The most important factor is, however, light. I think it is the light used that determines the mood of the photo in the first place. I only work with natural light. Using back light diffused with a white reflector, we can achieve a lighter, more cheerful effect, whereas using side light diffused with a black reflector we can achieve a more dramatic effect.

I regularly use these two methods, but there are transitions, too, sometimes. When I take photos for my food blog, I can really express myself. I often find myself inventing a recipe for an image I have already imagined in my mind.

As for the technical details, I sometimes use a tripod, sometimes not. The great advantage of using a tripod is that you can use lower ISO settings, because you can work with slower shutter speeds. The advantage of shooting hand-held is that I am more flexible and I can find the ideal position and angle easier.

However, the best way is to find the best angle shooting hand-held first and then setting the tripod.

It is also important to shoot the food as soon as it is ready. If the food is not fresh, it is always visible on the photo, no matter how much effort we have made with food styling and camera settings.

Photography Styling and Lighting Decisions for the Chicken Photograph

I shot this picture in autumn, thus, the brown shades were given. This idea was further confirmed by the fact that the food contained grape which is – at least for me – a symbol of autumn. The golden brown, natural color of the chicken also required brownish and grayish shades.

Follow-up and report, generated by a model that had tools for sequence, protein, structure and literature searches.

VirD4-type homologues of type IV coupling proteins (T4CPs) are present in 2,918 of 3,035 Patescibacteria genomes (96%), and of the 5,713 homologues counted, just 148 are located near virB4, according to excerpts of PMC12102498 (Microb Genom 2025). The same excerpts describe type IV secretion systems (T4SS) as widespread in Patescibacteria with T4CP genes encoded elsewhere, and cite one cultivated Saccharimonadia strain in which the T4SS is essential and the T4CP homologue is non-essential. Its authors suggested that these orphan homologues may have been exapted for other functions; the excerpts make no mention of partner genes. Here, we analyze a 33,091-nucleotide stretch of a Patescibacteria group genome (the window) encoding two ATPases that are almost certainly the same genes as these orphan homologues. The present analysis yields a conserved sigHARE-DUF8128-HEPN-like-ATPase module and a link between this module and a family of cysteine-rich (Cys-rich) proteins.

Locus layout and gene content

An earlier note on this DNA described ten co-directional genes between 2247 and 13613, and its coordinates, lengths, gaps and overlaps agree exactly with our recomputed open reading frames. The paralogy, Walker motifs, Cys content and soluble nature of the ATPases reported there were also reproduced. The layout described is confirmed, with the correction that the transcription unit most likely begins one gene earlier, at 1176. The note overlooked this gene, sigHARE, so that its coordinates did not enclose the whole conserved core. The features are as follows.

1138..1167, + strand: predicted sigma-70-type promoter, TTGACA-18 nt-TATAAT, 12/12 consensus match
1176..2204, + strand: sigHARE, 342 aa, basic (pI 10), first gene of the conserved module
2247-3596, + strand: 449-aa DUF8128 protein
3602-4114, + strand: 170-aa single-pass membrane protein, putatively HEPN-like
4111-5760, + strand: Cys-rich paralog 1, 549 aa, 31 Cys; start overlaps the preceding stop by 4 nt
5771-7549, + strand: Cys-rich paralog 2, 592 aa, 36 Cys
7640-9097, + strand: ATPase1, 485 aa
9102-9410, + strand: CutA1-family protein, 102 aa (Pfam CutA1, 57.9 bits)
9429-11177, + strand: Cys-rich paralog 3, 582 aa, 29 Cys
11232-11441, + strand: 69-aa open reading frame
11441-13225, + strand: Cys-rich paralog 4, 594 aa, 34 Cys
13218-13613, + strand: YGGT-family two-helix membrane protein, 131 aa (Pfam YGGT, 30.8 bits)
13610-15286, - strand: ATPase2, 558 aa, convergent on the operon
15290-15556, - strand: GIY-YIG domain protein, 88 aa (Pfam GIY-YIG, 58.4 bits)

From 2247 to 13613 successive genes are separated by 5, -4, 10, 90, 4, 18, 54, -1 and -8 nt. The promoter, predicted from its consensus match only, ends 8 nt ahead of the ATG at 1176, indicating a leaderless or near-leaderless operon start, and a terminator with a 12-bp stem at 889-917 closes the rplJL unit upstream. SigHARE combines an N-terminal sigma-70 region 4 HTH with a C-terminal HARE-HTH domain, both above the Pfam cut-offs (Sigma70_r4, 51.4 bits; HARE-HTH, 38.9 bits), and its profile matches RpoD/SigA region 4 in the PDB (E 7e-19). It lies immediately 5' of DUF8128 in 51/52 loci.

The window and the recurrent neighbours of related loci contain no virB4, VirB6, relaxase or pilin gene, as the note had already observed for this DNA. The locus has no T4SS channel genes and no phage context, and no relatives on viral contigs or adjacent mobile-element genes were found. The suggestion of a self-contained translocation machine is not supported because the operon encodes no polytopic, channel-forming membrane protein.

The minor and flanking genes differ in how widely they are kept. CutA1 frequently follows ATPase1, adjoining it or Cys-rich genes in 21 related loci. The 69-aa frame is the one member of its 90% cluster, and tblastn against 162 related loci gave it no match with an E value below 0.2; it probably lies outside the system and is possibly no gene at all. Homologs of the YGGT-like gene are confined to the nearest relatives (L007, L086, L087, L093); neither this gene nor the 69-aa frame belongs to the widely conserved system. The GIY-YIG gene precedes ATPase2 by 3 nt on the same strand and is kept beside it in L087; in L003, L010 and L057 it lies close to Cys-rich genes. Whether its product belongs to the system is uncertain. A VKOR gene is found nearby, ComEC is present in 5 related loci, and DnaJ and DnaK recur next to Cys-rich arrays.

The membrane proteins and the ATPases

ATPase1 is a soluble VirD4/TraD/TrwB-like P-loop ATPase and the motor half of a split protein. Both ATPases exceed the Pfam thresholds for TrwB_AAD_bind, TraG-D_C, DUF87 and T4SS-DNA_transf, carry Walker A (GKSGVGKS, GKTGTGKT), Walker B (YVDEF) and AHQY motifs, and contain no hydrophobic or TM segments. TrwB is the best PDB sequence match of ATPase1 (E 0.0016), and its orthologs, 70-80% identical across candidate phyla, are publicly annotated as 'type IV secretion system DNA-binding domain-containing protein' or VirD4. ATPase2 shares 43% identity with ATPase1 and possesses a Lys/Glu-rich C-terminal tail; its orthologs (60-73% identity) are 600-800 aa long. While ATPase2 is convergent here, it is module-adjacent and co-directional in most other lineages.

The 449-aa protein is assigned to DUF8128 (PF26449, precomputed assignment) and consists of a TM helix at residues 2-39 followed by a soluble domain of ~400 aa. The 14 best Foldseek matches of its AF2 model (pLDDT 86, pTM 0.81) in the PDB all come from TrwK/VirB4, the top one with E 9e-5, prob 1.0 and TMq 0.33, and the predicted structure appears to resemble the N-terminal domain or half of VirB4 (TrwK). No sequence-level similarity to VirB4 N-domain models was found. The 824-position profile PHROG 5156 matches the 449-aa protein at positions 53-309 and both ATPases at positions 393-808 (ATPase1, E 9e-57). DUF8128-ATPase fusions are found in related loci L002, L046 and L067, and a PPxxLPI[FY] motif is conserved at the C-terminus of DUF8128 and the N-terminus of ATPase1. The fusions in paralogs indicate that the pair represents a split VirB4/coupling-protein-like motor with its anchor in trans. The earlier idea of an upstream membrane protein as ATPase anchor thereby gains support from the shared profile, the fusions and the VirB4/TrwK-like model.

To break the dullness of the brown and gray colors, I used a plate with white and blue pattern. Here I could freely use a plate with pattern, because both the surface on which the plate was and the background were neutral.

For me, creating the scene is extremely important. I usually set my photos gradually. I try to organize the objects following the principle of the golden ratio.

The plate with the chicken is in the center attracting our attention. The other plate is also placed on the same wooden board to create unity with the plate having the chicken – otherwise the second plate would have distracted our attention.

Thus, our eyes practically see the two plates as a unity. The grips of the two forks are organized so that they could lead our attention towards the bottle of wine, and then towards the textile hanging on the chair.

For pictures shot from this angle it is very important to place a higher object in the scene, as well, otherwise the upper half of the picture would be disturbingly empty. In this case, the bottle of wine takes this function.

For this photo, I only used natural light (as I always do). I only used side light; to the other side of the scene I placed a black reflector to enhance the dramatic contrast in the image.

Advice to New Photographers

For those who have just started food photography: go on!I also started it a bit more than a year ago.

I encourage them to read a lot about food photography, and – it is even more important – to watch lots of food photos they like and try to figure out what the source of light is, if it is natural or artificial, what kind of bouncing was used, why they like the scene set for the shooting and the colors used (why the colors match, in what proportions different colors are used).